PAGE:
When the Deepwater Horizon suffered a blowout, caught fire and sank in the Gulf of Mexico last April, it was only forty miles off the coast of Louisiana. Yet, in many respects, the world aboard the ill-fated rig was as alien to most of us as if it had been dropped from outer space. Even within the shipping industry, deep-water offshore drilling is often poorly understood, a world wholly unto itself.
Nevertheless, the catastrophe on the Deepwater Horizon touched us all. The explosion and fire killed eleven, injured seventeen and resulted in the worst accidental marine oil spill in history. The impact, on both the environment of the Gulf of Mexico and on offshore oil policy, is likely to be far reaching. This is why John Konrad’s and Tom Schorder’s new book, Fire on the Horizon: The Untold Story of the Gulf Oil Disaster, is so timely and so welcome.
Konrad knows of what he writes. He is a veteran drill rig captain and a former employee of Transocean, the company that owned the Deepwater Horizon. He also is the founder of the excellent maritime industry blog, gCaptain.com. Konrad is assisted by Tom Schoder, who was the editor of the Washington Post Magazine when the magazine won, not one, but two Pulitzer Prizes.
The Deepwater Horizon was one of the most powerful industrial machines ever built. A semi-submersible, dynamically-positioned, ultra-deepwater rig – it was part ship and part drilling platform. The rig was 367’ long and 256’ wide and was 395’ tall from the thrusters to the top of the derrick, roughly as tall as a 40 story office tower. When she was built in 2000 in Korea, she was the state of the art in deep water drilling. Her eight thrusters could move her along at a stately four knots, but their main job was to hold her as still as possible over the drill site. The ship was almost constantly underway, with her propellers turning, going absolutely nowhere.
Konrad follows the officers and crew of the Deepwater Horizon from her construction at the Hyundai shipyard in Ulsan, Korea, on her delivery voyage around the Cape of Good Hope to the Gulf of Mexico, and on to her final destruction. As an exploratory drill rig, the Deepwater Horizon’s career was successful up until the end. Among other accomplishments, the rig set a record for the deepest offshore well ever drilled, at over 35,000 feet deep.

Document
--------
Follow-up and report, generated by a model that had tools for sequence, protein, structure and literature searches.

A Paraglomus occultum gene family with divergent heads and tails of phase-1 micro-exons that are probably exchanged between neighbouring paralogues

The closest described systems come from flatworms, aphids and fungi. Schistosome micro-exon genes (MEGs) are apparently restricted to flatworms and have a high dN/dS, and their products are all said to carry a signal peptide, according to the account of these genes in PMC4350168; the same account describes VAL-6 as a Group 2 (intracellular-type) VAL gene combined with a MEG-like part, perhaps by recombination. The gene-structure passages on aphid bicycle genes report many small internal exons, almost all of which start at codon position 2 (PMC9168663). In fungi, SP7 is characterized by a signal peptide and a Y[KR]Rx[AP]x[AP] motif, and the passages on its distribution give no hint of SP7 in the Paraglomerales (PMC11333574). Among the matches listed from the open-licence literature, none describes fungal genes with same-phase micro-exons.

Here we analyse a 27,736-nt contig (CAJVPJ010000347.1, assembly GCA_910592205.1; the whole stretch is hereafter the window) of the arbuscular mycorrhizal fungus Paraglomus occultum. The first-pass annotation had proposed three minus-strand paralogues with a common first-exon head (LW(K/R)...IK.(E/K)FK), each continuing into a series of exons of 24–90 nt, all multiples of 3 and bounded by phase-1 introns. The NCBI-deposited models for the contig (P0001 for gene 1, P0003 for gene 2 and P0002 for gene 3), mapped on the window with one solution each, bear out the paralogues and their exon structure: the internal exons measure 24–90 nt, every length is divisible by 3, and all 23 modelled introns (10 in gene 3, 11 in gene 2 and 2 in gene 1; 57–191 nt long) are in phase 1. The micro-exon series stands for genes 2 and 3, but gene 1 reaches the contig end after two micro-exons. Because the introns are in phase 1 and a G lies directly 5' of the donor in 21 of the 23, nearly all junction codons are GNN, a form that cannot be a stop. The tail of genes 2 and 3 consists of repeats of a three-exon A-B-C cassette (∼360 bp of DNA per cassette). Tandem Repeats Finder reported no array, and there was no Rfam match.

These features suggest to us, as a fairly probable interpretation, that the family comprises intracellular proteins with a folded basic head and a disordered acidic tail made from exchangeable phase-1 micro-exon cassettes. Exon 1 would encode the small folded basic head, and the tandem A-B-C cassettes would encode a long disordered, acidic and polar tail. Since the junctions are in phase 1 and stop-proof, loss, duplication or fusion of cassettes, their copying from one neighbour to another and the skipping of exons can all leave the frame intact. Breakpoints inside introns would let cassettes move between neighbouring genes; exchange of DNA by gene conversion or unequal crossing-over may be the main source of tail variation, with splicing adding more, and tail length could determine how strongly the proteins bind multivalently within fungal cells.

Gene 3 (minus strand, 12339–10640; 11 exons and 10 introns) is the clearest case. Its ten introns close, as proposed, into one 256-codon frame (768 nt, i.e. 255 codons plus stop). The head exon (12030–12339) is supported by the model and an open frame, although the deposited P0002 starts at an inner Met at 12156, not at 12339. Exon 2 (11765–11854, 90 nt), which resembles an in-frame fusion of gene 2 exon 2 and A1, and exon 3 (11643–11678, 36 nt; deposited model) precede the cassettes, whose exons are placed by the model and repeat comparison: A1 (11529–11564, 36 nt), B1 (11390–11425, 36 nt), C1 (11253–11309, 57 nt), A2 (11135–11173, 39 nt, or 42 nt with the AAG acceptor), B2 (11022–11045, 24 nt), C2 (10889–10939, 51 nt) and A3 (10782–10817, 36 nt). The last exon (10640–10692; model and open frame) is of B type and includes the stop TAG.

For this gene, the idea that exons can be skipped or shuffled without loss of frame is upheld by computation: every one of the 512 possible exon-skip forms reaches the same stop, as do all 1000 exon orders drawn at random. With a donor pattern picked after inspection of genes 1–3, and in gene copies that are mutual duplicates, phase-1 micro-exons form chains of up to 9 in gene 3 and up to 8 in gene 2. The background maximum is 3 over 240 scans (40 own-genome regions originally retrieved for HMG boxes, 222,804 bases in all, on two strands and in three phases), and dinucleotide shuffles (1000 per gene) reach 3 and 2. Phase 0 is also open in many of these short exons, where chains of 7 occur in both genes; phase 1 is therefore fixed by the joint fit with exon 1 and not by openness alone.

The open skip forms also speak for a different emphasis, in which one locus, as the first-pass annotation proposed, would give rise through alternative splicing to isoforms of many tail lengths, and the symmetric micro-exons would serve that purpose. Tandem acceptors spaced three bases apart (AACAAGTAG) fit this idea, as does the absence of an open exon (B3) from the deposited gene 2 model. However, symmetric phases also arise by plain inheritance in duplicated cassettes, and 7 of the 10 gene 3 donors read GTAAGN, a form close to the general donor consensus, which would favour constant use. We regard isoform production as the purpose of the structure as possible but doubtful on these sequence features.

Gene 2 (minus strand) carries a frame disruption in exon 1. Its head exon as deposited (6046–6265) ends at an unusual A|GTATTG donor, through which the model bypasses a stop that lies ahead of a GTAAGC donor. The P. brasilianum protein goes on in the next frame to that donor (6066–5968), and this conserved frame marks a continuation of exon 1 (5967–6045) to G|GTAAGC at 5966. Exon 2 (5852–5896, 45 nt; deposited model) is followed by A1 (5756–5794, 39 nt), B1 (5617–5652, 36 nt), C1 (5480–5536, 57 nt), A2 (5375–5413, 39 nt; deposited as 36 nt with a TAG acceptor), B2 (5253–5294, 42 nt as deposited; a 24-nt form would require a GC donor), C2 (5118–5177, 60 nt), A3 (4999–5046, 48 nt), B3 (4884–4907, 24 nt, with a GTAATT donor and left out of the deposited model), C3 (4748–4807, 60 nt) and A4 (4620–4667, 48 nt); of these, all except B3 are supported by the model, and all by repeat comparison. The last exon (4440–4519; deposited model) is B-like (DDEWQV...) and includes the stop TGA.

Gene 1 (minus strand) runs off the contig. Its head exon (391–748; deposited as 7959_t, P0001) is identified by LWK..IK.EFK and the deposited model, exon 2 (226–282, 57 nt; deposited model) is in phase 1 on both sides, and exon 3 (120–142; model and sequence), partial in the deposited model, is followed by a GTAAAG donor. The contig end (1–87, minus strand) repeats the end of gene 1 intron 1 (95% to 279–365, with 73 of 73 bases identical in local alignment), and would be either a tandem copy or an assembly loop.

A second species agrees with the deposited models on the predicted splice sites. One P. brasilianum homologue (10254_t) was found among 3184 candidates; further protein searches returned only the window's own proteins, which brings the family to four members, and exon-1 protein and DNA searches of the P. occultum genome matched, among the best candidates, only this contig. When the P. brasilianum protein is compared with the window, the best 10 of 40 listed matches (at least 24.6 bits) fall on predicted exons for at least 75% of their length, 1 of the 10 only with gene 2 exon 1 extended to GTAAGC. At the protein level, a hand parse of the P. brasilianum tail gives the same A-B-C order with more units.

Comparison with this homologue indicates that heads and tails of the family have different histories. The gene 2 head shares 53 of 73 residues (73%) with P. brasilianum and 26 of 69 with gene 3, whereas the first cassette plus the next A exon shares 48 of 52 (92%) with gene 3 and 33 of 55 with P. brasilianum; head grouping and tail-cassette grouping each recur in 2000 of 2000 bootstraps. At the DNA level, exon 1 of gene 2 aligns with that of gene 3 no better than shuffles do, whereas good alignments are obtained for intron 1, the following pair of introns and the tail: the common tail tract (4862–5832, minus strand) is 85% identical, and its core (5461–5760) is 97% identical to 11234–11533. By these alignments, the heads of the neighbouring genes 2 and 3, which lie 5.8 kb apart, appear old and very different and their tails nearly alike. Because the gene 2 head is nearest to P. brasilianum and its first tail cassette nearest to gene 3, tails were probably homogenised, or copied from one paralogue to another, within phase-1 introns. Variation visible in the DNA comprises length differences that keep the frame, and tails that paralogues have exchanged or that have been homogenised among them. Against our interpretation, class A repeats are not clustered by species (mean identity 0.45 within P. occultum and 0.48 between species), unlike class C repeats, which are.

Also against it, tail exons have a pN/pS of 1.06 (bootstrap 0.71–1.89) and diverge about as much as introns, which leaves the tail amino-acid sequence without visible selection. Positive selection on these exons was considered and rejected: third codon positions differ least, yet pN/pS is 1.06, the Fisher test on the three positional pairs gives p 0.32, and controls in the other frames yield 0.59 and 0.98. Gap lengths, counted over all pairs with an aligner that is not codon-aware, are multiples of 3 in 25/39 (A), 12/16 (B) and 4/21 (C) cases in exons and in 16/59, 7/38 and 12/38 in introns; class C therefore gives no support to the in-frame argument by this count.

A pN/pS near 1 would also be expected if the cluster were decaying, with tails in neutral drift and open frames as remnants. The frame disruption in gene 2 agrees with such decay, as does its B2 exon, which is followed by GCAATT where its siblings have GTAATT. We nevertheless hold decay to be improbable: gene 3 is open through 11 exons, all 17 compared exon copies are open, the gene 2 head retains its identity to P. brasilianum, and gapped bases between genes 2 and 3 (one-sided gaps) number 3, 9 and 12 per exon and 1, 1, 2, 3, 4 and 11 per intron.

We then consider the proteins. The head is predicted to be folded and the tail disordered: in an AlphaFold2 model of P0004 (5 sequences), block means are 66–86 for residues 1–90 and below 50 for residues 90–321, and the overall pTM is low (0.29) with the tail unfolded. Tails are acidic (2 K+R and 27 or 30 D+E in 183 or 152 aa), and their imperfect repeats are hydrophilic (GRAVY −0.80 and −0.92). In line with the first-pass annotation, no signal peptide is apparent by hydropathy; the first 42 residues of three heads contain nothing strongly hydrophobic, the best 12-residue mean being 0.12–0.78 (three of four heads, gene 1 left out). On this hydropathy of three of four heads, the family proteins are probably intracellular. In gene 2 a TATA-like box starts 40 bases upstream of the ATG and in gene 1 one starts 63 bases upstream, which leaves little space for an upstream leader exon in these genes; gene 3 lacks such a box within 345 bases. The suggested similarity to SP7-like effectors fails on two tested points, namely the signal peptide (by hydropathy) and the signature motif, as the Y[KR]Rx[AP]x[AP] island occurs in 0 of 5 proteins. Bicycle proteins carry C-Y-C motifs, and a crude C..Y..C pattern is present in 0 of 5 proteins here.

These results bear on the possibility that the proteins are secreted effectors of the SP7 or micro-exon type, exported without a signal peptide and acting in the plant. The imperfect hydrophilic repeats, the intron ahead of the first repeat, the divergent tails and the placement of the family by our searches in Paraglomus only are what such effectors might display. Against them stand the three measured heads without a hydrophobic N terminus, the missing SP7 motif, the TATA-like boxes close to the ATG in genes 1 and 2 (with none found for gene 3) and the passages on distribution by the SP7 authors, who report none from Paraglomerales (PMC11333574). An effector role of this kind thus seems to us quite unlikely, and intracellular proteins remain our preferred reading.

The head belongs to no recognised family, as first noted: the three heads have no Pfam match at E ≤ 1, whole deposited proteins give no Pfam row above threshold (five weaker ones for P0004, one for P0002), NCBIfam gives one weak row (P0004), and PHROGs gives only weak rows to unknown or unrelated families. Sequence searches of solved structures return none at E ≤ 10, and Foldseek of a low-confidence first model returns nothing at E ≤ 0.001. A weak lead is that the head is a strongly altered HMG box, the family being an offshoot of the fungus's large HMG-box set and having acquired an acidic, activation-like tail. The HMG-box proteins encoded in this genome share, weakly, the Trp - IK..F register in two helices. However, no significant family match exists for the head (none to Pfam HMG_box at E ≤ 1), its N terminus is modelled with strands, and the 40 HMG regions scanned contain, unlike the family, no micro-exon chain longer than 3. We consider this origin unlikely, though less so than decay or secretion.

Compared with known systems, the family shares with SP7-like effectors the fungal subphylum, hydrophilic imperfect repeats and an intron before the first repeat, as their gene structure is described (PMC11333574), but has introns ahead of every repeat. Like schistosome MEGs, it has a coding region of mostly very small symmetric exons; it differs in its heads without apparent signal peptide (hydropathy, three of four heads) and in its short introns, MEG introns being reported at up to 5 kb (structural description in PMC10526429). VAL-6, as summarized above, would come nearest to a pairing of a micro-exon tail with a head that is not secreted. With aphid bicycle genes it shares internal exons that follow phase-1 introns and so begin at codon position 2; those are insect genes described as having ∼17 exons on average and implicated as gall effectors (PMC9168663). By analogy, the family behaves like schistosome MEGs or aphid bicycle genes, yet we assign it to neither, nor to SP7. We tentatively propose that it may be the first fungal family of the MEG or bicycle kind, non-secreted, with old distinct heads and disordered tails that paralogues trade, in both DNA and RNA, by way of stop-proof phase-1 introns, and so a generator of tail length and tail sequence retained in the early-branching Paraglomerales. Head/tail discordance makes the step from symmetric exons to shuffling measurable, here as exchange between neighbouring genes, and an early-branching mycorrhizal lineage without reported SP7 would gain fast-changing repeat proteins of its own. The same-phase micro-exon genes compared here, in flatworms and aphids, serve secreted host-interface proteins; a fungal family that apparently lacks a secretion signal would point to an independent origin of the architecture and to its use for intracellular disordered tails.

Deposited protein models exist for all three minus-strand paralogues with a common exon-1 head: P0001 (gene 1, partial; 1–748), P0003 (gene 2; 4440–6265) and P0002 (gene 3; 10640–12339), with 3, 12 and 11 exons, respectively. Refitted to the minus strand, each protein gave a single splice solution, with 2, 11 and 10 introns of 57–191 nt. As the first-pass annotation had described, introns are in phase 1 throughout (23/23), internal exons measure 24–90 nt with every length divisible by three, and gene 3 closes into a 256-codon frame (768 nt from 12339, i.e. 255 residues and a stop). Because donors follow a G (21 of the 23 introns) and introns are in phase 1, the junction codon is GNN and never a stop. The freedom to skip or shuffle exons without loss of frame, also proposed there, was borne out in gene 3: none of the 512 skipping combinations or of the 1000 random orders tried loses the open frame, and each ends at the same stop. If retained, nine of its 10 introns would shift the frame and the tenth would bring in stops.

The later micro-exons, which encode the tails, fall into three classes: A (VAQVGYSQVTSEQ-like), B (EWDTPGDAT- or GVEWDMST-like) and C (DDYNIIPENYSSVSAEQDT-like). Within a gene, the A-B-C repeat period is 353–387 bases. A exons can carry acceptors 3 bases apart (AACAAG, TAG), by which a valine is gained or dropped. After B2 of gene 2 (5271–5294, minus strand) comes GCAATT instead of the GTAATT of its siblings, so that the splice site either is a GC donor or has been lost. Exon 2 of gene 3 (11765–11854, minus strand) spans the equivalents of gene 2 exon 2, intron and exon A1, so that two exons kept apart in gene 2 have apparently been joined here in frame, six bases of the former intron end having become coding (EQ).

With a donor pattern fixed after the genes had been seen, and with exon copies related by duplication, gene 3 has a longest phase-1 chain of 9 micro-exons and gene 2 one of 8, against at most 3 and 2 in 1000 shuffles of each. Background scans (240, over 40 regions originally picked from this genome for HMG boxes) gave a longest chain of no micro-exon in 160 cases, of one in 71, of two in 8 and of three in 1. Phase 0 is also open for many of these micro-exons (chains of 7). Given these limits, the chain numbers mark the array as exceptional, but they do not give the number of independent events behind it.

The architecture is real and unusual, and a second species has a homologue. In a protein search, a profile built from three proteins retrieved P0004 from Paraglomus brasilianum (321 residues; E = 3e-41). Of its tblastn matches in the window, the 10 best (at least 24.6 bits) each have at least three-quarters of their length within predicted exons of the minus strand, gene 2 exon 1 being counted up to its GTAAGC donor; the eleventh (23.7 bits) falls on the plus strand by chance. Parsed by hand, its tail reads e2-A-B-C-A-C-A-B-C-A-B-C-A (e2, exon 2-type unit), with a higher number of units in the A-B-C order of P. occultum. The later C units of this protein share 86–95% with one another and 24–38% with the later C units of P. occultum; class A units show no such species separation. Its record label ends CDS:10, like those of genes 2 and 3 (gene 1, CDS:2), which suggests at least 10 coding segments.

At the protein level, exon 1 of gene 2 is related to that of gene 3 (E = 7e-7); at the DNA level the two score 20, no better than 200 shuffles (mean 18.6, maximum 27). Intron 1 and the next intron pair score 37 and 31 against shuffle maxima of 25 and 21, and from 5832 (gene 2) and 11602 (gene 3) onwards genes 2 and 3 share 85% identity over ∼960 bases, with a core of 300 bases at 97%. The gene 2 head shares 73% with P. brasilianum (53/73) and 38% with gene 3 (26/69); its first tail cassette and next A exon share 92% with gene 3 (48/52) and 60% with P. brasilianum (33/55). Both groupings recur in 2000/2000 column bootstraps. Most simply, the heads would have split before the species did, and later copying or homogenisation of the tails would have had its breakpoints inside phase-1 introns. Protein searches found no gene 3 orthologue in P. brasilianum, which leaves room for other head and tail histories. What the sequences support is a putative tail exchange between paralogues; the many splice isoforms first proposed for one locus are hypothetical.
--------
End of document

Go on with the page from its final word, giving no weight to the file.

The story of the Deepwater Horizon takes a drastic change when it is ordered to drill in Block 252, which has been named Macondo. Another rig had already attempted to drill there, but hit an unexpected pocket of natural gas, which almost resulted in a blow out. As repairs to that rig’s Blow Out Protector (BOP) would take time, the Deepwater Horizon was moved to Macondo, to drill what would become known as the “well from hell.”
Despite problems and delays, the drilling at Macondo was considered successful. Only as the well was being shut down, literally cemented closed, so that a production rig could later reopen it, did a blow out occur with disastrous results.
What is wonderful about Fire on the Horizon is that Konrad and Schoder give us a understanding of the conditions aboard the rig prior to the catastrophic blow-out. They put into context the scattered bits and pieces of information that have been reported by the press so the reader can grasp a more coherent whole.
On one hand, Transocean, the rig owner, was obsessive about safety, focusing on avoiding accidents and worker injuries, from slips and falls to dropping tools. In retrospect, it seems a tragic case of not seeing the forest for the trees, or in this case, perhaps the leaves and branches. There is a tragic-comic element when Transocean executives fly out to the rig with officials from BP to celebrate the rig’s seven year record of no-lost-time injuries – just as the rig is about to disintegrate into a flaming inferno.
On the other hand, there were problems on the Deepwater Horizon. The rig needed maintenance. It had not been drydocked in the ten yeas since it had sailed from the shipyard. Its critical Blow Out Protector, which failed so tragically, was five years overdue for its five year inspection. Overall, however, the picture painted of those aboard the rig were of a closely knit team of professionals doing their jobs as well as they could with the tools at hand. Ultimately, Konrad suggests that it was probably a series of decisions made ashore, in the corporate offices in Houston, resulting in shortcuts in sealing the well, that may have the greatest factor in triggering the blowout that doomed the rig.
Fire on the Horizon is a fascinating, sprawling, gripping and disturbing book – a view into a world few outside the offshore industry are likely to ever see. It is a complex and timely story well told. Highly recommended.